Written by Leslie Taylor
Alaska salmon permits in many fisheries have tripled in value since 2002, and the upward trend continues.
An overview of April listings by four brokers shows that Bristol Bay driftnet permits are valued at nearly $134,000 by the state, and listed for sale at $150,000 to $170,000. That compares to $90,000 this past January.
At Southeast Alaska, seine permits are the priciest in the state at over $300,000. That's an increase of $50,000 since January.
The asking price for Prince William Sound seine cards exceeds $200,000 compared to the $140,000 range a year ago. After being stalled in the mid $30,000 range for years, Kodiak seine permits are showing a steady uptick, now listing at $55,000 to over $80,000.
Looking at Individual Fishing Quotas, halibut shares have hit a $50 asking price at Southeast Alaska, the only place where halibut catches have increased in the past two years.
For the Central Gulf, the asking prices for halibut IFQs range from $28 to $42 a pound and $16 to $20 in the Western Gulf. That's an increase of about $6 in both Gulf regions since January.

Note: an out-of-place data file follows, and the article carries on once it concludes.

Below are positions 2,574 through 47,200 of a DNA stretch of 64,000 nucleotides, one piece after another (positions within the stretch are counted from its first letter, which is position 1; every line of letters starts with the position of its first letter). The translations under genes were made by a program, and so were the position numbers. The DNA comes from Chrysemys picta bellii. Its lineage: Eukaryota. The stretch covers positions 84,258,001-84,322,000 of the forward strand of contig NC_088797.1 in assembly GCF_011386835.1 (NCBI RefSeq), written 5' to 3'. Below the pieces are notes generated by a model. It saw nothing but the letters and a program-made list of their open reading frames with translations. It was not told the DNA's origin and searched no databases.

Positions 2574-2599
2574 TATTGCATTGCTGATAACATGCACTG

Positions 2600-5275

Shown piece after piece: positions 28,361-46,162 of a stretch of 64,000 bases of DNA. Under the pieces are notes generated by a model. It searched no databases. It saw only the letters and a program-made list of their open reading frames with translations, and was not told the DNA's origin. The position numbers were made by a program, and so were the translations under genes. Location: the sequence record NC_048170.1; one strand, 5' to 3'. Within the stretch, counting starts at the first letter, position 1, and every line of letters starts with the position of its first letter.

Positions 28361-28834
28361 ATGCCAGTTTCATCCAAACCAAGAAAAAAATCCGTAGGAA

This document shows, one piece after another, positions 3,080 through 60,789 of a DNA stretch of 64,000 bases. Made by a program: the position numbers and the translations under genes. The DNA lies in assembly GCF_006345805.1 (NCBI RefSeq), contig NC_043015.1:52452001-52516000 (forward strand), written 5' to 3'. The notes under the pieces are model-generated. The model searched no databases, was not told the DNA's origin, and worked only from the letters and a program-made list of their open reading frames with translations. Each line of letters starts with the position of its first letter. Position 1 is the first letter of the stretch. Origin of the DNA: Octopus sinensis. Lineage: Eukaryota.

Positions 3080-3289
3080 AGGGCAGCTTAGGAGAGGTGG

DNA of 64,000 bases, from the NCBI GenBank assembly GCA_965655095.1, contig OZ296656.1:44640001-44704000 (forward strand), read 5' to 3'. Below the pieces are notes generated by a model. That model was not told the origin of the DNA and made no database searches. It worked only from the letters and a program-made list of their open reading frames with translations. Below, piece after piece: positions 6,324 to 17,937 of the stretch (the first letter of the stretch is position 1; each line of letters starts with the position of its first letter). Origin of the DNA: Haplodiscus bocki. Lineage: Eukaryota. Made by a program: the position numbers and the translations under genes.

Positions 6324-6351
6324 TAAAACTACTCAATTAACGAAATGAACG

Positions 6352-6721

Read the full story at the Anchorage Daily News>>
National Fisherman Live: 3/10/15
In this episode, Online Editor Leslie Taylor talks with Mike McLouglin, vice president of Dunlop Industrial and Protective Footwear.
National Fisherman Live: 2/24/15
In this episode:
March date set for disaster aid dispersal
Oregon LNG project could disrupt fishing
NOAA tweaks gear marking requirement
N.C. launches first commercial/recreational dock
Spiny lobster traps limits not well received
Alaska Gov. Bill Walker is required by state statute to appoint someone to the Board of Fisheries by today, Tuesday, May 19. However, his efforts to fill the seat have gone unfulfilled since he took office in January. The seven-member board serves as an in-state fishery management council for fisheries in state waters.
The resignation of Walker’s director of Boards and Commissions, Karen Gillis, fanned the flames of controversy late last week.
Keith Decker, president and COO of High Liner Foods, will take over for the outgoing CEO, Harry Demone, who will assume the role as chairman of the board of directors. The Lunenburg, Nova Scotia-based seafood supplier boasts sales in excess of $310 million (American) for the first quarter of the year.Read more...